5 Questions to Ask at a Restaurant if You Have Food Allergies

| August 16, 2012

waiter answering questions from customers

Food allergies need not take the fun out of restaurant dining. Learning more about certain dishes on a menu not only helps you stay safe but also expands your knowledge of various types of cuisine. Use Dex to find interesting restaurants in your area, then arrive ready to ask these five questions of your server or the chef.

1. Is the dish made from scratch in your kitchen?

Some restaurants make each item on their menu on the premises. Others, such as large chains, may include in their dishes components made elsewhere. If the server or chef answers “no” to this question, the following two questions may go unanswered, forcing you to eat elsewhere.

2. Does the dish contain the name of your allergen?

Again, if components of the dish are premade elsewhere, the server or chef may not know the answer to this question. On the other hand, he or she might; those same large chains that provide premade components also often make available, both onsite and online, a list of ingredients for each dish on the menu.

3. Does the dish contain alternate names for your allergen?

Certain ingredients have multiple names. For example, if you have a severe allergy to peanuts, odds are you can rattle off their many synonyms — including groundnut, goober pea and monkey nut — and you should ask about them as well. Travel tip: When visiting a foreign country, even an English-speaking one, know the names of the allergen used in that country for when you dine at a restaurant.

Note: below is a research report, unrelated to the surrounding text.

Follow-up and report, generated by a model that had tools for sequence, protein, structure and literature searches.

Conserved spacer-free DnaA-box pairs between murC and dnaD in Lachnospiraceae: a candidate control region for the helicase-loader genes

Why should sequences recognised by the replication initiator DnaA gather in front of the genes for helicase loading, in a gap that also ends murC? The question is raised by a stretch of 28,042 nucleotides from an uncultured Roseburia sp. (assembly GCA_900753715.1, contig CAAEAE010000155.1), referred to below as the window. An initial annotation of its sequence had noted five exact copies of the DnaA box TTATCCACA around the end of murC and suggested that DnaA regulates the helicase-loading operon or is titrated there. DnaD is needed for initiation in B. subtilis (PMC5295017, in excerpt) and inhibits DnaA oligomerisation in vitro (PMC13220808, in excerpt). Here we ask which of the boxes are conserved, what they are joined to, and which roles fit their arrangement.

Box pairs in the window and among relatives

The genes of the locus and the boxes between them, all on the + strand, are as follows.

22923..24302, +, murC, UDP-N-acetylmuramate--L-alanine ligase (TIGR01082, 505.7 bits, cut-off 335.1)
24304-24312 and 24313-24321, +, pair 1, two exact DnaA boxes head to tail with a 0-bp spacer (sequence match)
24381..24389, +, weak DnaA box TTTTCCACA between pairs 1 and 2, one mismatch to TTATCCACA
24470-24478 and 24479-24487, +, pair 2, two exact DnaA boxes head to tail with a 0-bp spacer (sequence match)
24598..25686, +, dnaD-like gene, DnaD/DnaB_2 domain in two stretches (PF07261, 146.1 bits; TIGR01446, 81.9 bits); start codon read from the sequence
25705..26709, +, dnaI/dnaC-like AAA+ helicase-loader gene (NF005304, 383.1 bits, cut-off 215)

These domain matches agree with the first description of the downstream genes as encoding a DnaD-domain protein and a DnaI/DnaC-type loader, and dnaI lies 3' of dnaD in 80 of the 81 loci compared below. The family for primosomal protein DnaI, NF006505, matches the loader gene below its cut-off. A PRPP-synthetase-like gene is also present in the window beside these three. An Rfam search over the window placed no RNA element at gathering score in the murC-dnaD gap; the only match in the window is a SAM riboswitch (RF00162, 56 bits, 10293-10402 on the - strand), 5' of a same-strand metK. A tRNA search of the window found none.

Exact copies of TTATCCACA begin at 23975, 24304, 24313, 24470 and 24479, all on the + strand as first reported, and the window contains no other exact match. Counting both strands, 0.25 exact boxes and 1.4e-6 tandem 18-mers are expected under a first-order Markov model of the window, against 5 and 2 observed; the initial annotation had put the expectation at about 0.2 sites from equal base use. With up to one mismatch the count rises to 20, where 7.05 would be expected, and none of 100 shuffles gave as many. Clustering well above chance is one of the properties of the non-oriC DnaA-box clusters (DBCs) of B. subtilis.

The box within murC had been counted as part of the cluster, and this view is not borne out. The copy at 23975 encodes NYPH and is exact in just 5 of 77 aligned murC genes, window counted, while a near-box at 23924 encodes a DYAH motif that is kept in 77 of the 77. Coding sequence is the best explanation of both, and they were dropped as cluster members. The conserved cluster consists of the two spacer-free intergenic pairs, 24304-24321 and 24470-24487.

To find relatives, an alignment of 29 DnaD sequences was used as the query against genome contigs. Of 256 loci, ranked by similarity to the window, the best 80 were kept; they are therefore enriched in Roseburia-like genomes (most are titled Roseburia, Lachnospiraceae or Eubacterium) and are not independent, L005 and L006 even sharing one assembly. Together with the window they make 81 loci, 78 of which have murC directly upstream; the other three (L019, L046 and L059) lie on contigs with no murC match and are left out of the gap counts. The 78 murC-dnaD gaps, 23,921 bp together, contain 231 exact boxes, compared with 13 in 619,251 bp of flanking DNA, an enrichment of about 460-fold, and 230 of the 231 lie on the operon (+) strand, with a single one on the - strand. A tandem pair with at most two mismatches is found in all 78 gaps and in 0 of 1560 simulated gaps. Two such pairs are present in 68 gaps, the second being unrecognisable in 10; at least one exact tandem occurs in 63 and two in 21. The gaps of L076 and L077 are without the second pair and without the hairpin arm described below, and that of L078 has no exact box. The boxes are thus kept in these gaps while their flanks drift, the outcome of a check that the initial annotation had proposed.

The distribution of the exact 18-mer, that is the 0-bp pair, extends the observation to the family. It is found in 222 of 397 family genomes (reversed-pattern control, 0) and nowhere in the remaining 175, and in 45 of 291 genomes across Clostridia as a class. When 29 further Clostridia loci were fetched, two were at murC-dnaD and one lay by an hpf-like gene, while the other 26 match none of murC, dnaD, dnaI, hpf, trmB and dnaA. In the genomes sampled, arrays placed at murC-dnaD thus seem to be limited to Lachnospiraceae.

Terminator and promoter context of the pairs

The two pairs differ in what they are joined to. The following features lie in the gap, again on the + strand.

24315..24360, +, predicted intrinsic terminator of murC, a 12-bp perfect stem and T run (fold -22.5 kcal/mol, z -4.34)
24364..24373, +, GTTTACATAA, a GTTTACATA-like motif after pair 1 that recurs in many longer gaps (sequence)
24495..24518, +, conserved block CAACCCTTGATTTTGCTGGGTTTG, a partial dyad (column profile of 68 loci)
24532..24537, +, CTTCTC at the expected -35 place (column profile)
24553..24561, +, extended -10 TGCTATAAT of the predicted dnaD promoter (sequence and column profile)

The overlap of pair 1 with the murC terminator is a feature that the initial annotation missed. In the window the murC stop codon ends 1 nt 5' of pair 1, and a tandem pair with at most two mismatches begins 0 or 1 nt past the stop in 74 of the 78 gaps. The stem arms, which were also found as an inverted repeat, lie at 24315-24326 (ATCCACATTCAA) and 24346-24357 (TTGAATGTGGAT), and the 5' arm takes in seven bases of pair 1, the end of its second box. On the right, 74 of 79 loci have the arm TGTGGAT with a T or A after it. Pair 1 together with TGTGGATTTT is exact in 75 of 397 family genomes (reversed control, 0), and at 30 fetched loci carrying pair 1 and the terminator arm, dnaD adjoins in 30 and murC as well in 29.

4. Will the dish be prepared using utensils or surfaces that also prepare dishes containing your allergen?

If a restaurant does not have separate utensils and surfaces to accommodate allergen-related requests, the answers to the previous questions prove irrelevant because cross-contamination can expose you to the allergen. You will need to find another place to eat.

5. Will you take my chef card?

Those newly diagnosed with a food allergy may not yet have heard of these handy cards. The card states the allergen and a list of ingredients that can cause a reaction. The Food Allergy & Anaphylaxis Network website offers an interactive tool for making such cards.

Most restaurants will try to accommodate your needs and even suggest dishes they can ensure do not contain your allergen. However, if you don’t feel confident that the server or chef will take your food allergy seriously, then leave. Dex can help you find such a restaurant, as its listings include “special diet” tags to point you in the right direction.

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Category: Food & Dining, What's in Your Food

About the Author ()

Pamela Mitchell spent more than 15 years at daily newspapers such as the Hartford Courant and Houston Chronicle before becoming a full-time freelancer. She now writes about a variety of topics, from dining and entertainment to pets and travel.